[Rd] Non-free packages in R-Forge
Kevin R. Coombes
kevin.r.coombes at gmail.com
Fri Nov 18 19:52:12 CET 2011
You are, of course, missing the obvious solution, which is to do nothing.
The "endorsement" of a non-free project seems to me to reside only in
your imagination. The primary product produced by "The R Project for
Statistical Computing" is the statistical software environment R, which
is released under the GPL. It is free software under anyone's
definition. One can safely infer that members of the R Project clearly
endorse the goals of the GNU Project (as you can see, for example, from
the fact that the only hyperlinks from the "What is R?" web page point
to FSF or GNU). I think that there is no chance that members of the R
project would voluntarily "sever its ties with GNU" over this issue.
It's also not clear that there is any formal process for something
becoming "a GNU project". If there were, you could then go to the GNU
organization or to FSF and convince them to take some action to force
the R project to stop calling itself a GNU project. (I strongly suspect
that there are neither copyright nor trademark nor other enforceable
agreements to cause anything to happen in that regard.)
Now, the web site for the R project does point from its "related
projects" page to R-Forge as a framework where packages that work with R
can be developed. It also displays prominent links to CRAN and to
Bioconductor as locations where users can obtain R packages. In that
sense, I would be willing to agree that the R project "endorses"
R-Rorge, CRAN, and Bioconductor.
However, I strongly object to the idea that this includes an endorsement
of all (or even *any*) of the packages developed or hosted on those
three other sites. There are plenty of R packages in all of those
locations that are provided under licenses other than GPL, LGPL, or
PAL. Some of those licenses are clearly non-free (in both the liberty
and dollar senses).
For example, I use the mclust package (available from CRAN) all the
time. The license for this package requires an annual payment of a
licensing fee for non-academic use, which limits modification and
redistribution. I have developed my own packages that depend on
mclust. The code that I wrote is available under the Perl Artistic
License. But if anyone wants to use my pacakge, they still have to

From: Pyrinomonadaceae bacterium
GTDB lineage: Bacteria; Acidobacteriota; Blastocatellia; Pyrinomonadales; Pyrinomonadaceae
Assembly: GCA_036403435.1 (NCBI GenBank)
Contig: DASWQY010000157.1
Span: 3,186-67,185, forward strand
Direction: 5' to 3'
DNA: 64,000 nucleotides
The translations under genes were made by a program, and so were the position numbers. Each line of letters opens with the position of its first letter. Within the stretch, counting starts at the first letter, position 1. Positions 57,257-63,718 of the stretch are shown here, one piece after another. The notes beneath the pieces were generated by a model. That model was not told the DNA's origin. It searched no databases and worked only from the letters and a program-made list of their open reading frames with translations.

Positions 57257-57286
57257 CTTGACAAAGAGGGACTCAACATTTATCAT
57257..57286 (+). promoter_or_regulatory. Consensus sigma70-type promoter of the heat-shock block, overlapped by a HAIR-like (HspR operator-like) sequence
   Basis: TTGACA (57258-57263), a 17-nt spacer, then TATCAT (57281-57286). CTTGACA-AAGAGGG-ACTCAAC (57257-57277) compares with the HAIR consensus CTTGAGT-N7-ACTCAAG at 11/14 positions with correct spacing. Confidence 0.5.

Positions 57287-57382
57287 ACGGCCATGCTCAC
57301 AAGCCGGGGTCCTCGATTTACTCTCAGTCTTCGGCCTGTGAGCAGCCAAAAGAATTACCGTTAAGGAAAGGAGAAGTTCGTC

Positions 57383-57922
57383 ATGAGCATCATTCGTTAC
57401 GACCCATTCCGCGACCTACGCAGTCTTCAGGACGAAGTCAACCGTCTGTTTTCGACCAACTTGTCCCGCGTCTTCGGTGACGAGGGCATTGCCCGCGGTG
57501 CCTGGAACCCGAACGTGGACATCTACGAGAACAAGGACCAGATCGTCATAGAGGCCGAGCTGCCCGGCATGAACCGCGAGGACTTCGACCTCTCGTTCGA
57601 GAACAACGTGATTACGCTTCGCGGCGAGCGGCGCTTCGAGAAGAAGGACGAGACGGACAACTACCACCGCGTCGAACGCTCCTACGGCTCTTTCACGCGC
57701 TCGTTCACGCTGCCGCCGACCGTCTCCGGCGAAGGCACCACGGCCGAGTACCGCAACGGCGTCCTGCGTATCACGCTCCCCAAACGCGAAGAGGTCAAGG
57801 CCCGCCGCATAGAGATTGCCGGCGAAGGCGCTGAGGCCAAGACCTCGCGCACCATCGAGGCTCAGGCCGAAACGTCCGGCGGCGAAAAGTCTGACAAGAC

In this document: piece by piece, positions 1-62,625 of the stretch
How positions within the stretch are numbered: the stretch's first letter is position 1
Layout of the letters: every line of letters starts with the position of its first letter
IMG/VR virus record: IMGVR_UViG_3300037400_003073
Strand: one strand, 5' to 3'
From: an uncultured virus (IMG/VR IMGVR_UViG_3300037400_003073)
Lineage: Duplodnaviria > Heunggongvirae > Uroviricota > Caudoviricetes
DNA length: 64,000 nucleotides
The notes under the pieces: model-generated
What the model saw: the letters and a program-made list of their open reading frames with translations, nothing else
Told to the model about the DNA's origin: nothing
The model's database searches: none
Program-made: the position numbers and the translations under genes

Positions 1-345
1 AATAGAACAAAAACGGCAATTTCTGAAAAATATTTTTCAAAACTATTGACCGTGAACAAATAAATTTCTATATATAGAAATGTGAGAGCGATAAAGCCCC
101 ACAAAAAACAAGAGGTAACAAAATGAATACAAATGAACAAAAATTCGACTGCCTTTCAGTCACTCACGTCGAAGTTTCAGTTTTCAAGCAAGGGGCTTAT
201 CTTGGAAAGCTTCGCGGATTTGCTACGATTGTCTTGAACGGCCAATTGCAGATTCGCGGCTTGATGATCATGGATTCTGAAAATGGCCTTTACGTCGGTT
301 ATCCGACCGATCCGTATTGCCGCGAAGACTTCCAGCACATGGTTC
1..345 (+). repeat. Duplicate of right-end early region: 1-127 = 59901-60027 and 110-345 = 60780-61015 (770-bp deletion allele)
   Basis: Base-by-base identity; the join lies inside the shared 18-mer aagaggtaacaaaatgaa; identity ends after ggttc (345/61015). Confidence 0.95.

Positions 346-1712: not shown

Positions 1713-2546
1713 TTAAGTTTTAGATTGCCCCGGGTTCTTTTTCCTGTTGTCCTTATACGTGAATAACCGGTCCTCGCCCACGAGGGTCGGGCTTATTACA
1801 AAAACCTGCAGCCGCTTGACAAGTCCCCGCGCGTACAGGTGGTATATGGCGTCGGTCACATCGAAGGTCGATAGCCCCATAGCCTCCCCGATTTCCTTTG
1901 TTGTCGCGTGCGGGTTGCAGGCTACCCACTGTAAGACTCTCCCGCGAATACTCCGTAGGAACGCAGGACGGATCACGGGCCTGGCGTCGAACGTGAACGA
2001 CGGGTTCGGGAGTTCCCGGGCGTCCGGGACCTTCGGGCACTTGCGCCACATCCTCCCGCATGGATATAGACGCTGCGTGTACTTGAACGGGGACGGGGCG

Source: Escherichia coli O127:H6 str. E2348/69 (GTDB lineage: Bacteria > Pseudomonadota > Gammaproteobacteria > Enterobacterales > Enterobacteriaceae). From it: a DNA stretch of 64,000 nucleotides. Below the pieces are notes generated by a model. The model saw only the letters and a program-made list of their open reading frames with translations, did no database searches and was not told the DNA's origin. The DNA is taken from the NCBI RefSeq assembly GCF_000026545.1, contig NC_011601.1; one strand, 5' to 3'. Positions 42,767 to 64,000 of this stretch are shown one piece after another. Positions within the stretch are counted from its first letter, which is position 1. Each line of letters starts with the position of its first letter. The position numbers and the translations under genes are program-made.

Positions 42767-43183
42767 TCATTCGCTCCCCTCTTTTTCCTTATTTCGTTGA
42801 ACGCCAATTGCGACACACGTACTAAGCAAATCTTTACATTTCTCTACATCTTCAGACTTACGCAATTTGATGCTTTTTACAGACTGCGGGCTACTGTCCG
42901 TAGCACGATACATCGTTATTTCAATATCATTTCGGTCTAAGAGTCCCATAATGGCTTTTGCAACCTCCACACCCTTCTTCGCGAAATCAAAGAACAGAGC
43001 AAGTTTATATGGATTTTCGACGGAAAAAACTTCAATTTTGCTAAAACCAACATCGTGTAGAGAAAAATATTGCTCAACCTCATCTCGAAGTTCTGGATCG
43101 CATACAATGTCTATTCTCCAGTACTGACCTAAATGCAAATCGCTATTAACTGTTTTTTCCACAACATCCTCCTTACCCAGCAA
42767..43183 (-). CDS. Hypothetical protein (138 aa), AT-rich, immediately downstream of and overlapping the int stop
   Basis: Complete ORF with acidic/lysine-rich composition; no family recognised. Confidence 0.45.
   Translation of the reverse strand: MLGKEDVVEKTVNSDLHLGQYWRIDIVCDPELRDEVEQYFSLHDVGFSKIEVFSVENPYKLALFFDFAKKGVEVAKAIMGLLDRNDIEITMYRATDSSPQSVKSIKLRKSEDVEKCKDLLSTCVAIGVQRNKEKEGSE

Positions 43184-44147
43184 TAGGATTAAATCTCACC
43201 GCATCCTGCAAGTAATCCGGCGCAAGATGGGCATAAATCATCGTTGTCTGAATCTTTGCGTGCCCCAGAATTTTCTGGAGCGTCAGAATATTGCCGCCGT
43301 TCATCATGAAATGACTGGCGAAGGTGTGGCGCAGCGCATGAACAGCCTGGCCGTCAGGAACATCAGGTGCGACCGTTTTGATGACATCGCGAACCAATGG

my package depends. I don't think that the University of Washington
shoudl be prevented from specifying the license terms it wants for
mclust. And I don't think users (academic or otherwise) would get any
beenfits if mclust was prevented from being made available through CRAN.
As far as I can tell, the situation with mclust is directly analogous to
the situation you are complaining about with MOSEK being hosted at R-Forge.
Here's my suggestion. Stop trying to prevent users who want to talk to
MOSEK from R from getting a package that will accomplish that task. Your
real problem seems to be that MOSEK is not free. So do what Stallman
did when he objected to the fact that UNIX was not free. (Or MOTIF. Or
lots of other stuff.) Get some developers together, work in a clean
environment where they won't violate any copyright in the existing code,
and develop a free alternative.
On 11/18/2011 12:00 PM, Jordi Gutiérrez Hermoso wrote:
> I'm sorry about the tone of my previous email. Let me try again in a
> cleaner way.
> The problem is: R or the organisation behind R via its infrastructure
> seems to be endorsing R-Forge, and R-Forge is hosting at least one
> project whose sole purpose is to link R with non-free software. This
> looks like endorsement of non-free software, which is contrary to the
> aims of the GNU project, of which R today claims to be a part.
> There are several solutions, but the only workable ones I see are to
> either sever ties with the GNU project, clearly remove the endorsement
> of the non-free project, or to make the non-free project free. Of
> these, it is my sincere hope that the last one happens.
> That is all.
> - Jordi G. H.
> R-devel at r-project.org mailing list
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